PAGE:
If your dog is allergic or intolerant to certain foods – like corn, grains, or soy – it can cause issues in their anal sac, preventing them from working properly. Similarly, diets that are lacking key nutrients like fiber and protein can also affect the anus.
If you notice watery or softer-than-usual poops, it might be that your dog’s diet isn’t creating the pressure the anal sacs need to work properly. Your vet will be able to advise on potential allergies or any necessary changes to your dog’s diet.
Trauma to the anal sac can be caused by injuries or grooming. It’s possible for groomers to accidentally or unnecessarily express a dog’s anal sacs, causing them to become inflamed and damaged.
The area is delicate and sensitive, and doesn’t need to be expressed repeatedly in dogs with healthy anal glands. This trauma can even lose the muscle in the anal sac that expresses fluid, eventually meaning your dog will not be able to perform this process on their own.
Most dog groomers will no longer express their anal glands as part of the grooming service, however this is still offered at some doggy salons. Make sure your groomer is aware of these issues and will only express your dog’s anal glands if they are full or clogged, and if so will perform the procedure gently.
If your dog is suffering from trauma around the anal gland, seek veterinary advice.
A perianal fistula is an issue with the connection of the tunnels or tissues in the anal area, which can also affect the digestive tract. In dogs, this is usually due to an infection in the area especially the sinus tracts in the perianal tissue. German Shepherds are especially susceptible to this condition, which is often genetic. The cause is not known, but could be caused by bacteria.
In most cases, a vet will be able to diagnose perianal fistula with a visual examination and will prescribe a course of medication as treatment.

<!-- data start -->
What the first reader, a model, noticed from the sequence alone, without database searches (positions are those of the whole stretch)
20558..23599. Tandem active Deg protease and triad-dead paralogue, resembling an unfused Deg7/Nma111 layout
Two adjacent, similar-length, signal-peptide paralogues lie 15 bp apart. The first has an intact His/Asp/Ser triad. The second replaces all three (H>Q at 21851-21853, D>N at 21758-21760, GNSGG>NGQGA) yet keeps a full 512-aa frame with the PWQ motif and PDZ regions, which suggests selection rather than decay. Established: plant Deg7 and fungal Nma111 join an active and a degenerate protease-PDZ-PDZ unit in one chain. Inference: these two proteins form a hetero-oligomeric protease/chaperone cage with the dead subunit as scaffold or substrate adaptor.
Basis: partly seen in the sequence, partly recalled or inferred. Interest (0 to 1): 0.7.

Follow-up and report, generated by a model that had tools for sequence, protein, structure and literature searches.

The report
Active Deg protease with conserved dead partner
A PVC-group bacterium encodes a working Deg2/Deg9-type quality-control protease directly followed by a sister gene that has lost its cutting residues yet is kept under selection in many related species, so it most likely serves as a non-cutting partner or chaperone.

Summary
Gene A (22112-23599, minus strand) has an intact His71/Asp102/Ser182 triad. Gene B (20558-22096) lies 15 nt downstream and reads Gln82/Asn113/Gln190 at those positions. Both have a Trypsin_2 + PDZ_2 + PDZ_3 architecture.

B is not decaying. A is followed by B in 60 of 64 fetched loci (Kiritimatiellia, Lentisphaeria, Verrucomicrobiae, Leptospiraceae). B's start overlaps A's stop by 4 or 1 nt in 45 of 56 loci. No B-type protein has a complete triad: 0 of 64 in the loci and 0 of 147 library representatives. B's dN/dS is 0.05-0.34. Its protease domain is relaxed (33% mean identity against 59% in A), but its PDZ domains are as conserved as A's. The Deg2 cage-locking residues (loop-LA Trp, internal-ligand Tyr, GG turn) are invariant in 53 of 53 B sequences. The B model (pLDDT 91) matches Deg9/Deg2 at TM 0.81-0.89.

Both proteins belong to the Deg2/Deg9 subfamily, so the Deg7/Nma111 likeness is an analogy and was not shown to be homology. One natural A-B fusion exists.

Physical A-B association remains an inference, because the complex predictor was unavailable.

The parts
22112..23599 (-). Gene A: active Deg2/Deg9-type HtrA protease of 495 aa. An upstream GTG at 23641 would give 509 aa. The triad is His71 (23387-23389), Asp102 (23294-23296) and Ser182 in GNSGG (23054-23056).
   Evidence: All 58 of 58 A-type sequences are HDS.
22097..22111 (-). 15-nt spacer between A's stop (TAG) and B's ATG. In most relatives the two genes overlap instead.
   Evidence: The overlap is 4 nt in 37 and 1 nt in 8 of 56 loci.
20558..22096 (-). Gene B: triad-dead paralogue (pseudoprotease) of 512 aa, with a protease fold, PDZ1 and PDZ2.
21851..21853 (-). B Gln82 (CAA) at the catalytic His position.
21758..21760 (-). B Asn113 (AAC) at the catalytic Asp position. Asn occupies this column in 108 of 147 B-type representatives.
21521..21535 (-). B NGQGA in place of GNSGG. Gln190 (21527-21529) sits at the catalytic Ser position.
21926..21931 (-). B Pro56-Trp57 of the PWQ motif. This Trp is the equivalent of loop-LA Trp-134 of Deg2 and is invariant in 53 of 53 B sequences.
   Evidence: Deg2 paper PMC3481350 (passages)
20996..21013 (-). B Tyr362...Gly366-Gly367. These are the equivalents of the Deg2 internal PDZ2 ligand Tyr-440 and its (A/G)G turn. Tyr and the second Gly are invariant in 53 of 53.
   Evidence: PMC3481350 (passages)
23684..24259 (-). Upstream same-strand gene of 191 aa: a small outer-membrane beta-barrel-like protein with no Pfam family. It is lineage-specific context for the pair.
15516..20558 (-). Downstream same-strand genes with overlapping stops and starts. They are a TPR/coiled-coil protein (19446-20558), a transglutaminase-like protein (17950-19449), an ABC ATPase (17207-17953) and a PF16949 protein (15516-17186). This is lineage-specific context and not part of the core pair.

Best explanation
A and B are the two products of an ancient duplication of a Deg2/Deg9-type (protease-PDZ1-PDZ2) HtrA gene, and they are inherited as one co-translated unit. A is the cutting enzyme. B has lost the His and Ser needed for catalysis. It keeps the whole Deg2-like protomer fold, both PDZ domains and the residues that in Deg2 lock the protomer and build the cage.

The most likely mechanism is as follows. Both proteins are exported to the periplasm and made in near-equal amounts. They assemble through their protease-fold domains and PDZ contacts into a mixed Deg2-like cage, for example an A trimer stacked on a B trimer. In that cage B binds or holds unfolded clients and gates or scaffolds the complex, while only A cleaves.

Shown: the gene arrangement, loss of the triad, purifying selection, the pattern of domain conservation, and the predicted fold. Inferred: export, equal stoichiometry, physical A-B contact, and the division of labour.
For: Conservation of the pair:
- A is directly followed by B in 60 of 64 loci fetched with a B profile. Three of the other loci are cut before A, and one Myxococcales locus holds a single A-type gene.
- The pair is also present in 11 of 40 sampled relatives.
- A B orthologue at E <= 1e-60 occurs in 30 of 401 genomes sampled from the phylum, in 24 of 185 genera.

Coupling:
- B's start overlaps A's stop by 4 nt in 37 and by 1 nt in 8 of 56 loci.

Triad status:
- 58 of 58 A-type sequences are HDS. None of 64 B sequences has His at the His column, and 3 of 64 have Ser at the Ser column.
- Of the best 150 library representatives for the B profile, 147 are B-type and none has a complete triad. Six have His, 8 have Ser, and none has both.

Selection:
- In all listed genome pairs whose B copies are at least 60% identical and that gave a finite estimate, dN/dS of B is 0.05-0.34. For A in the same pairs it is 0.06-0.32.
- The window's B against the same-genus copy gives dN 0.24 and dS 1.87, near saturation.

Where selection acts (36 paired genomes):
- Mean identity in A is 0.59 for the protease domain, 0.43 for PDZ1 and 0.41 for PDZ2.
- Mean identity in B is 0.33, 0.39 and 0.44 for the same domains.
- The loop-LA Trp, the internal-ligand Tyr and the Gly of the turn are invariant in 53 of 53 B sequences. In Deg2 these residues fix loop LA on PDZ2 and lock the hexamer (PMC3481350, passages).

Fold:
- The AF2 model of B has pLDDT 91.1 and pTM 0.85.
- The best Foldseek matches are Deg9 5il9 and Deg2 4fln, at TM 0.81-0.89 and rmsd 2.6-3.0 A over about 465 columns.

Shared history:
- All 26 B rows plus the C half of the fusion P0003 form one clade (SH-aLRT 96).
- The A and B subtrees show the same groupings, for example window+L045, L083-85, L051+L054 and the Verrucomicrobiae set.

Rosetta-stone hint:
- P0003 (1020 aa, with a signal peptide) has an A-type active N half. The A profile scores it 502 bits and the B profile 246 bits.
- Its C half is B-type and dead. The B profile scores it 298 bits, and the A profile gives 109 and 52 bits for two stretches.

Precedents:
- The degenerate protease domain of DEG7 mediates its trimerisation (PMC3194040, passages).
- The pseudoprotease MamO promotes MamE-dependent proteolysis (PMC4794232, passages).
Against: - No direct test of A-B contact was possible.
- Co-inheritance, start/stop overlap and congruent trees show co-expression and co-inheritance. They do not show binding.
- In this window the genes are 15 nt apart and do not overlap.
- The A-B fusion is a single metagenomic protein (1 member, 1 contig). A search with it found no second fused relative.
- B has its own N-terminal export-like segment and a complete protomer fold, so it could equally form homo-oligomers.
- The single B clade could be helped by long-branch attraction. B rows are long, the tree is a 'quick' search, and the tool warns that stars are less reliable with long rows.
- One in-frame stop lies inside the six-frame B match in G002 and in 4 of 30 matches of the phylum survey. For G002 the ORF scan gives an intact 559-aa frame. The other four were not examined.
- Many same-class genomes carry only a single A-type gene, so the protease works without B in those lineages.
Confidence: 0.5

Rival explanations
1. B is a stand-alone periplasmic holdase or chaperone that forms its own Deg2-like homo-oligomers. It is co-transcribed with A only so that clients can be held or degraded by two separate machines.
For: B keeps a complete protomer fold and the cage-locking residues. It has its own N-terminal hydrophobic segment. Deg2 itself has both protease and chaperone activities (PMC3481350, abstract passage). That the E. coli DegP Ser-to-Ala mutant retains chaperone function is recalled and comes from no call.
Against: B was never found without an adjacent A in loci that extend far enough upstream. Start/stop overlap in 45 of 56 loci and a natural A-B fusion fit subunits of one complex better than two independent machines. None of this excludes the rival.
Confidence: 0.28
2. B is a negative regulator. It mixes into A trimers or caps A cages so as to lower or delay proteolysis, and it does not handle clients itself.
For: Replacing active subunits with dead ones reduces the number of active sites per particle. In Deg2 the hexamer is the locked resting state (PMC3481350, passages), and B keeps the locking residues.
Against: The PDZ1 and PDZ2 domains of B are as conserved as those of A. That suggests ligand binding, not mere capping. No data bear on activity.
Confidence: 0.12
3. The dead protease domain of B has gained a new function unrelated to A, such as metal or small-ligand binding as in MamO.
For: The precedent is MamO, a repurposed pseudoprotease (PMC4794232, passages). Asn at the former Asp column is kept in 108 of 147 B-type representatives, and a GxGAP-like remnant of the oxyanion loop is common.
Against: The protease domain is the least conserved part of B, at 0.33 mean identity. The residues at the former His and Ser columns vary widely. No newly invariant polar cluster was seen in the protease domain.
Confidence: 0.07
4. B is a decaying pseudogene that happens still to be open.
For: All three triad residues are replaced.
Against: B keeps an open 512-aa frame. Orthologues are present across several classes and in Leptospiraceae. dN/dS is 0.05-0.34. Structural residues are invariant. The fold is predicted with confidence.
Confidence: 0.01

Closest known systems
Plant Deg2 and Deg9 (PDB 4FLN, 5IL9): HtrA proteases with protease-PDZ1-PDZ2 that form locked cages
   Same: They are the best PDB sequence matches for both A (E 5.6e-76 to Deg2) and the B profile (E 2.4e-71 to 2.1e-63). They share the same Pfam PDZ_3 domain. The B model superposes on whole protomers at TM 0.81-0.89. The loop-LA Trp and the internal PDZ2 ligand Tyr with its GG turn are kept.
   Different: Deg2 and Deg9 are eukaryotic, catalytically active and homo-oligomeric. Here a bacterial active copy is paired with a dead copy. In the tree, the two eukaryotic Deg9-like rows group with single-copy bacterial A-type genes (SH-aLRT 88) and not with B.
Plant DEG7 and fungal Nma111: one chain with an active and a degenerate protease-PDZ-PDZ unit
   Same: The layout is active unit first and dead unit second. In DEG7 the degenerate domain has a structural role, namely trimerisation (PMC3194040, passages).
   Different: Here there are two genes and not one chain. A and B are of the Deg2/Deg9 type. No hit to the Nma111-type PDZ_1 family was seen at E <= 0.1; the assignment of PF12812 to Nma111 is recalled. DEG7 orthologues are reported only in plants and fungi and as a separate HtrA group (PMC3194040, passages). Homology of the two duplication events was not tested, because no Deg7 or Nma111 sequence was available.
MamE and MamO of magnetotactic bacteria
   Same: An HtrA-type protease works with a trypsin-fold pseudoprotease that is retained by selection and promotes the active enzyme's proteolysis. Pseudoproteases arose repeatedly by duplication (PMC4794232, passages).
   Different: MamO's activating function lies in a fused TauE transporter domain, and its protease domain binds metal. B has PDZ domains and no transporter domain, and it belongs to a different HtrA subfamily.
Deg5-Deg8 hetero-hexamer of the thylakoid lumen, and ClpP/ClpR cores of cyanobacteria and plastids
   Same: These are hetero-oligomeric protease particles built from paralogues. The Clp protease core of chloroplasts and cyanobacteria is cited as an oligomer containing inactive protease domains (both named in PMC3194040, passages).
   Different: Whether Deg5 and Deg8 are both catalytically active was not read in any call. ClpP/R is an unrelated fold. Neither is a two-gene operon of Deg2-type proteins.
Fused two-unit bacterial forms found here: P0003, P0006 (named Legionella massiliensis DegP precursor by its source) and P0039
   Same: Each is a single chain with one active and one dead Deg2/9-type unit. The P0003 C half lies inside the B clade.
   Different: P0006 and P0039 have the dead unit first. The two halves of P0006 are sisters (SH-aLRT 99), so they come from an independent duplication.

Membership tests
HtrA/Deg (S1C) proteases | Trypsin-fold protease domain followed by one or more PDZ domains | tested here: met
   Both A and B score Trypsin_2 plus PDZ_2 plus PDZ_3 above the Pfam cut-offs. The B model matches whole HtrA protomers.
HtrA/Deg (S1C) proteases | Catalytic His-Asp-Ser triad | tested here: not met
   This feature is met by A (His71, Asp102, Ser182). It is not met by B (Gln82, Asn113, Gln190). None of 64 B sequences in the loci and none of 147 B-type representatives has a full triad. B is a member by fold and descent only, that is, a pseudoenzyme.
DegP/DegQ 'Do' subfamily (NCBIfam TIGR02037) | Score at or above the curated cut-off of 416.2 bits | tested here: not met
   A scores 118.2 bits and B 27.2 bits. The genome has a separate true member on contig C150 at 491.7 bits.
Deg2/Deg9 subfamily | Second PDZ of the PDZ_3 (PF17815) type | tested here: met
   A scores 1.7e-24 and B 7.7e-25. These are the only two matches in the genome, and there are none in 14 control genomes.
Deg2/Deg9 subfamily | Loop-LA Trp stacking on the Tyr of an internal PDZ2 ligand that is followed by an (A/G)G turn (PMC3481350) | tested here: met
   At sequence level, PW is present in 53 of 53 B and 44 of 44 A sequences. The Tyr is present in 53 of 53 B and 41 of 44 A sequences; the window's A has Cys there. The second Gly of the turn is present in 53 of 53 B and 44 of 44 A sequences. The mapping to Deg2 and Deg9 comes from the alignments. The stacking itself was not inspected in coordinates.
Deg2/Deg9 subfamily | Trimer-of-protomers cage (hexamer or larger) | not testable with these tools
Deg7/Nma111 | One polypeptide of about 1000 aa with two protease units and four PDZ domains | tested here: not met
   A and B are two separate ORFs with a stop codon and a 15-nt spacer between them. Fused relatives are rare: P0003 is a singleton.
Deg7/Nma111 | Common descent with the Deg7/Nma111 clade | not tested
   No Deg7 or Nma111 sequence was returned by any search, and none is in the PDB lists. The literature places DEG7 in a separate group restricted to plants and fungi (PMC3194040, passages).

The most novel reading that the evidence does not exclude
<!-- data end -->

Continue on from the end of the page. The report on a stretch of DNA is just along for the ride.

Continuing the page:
Not all scooting is caused by issues surrounding the anal glands. Irritation caused by grooming – like clipper burns, nicks from razors, and reactions to sprays and other products – can get caught under the tail and in around their rear end and cause itching.
Check for any burns, cuts, or nicks and try to alleviate their irritation with a warm compress. If your dog is allergic to a spray or product they will probably be itching and rolling all over, not just scooting on their behind. In this case, shampoo their fur – potentially with an extra soothing oatmeal shampoo – and get the name of products used by the groomer to prevent future irritation.
Scooting isn’t the only sign that your dog is suffering with anal gland issues. If you notice any of the following symptoms – with or without scooting – your dog may need medical attention or relief from irritation.
Most causes of scooting are easily diagnosed and treated by a medical professional. Minor causes, like clogged anal glands, can be treated quickly and require no further medication. While parasites and anal tumors may require a longer course of medicine.
But remember: dogs often scoot to relieve an itch. So if you’ve noticed them scoot once or twice they’re probably okay. If you notice the behavior become more frequent – or if it’s accompanied by any other listed symptoms of anal gland issues – it’s best to take them for a check up at the vets just in case.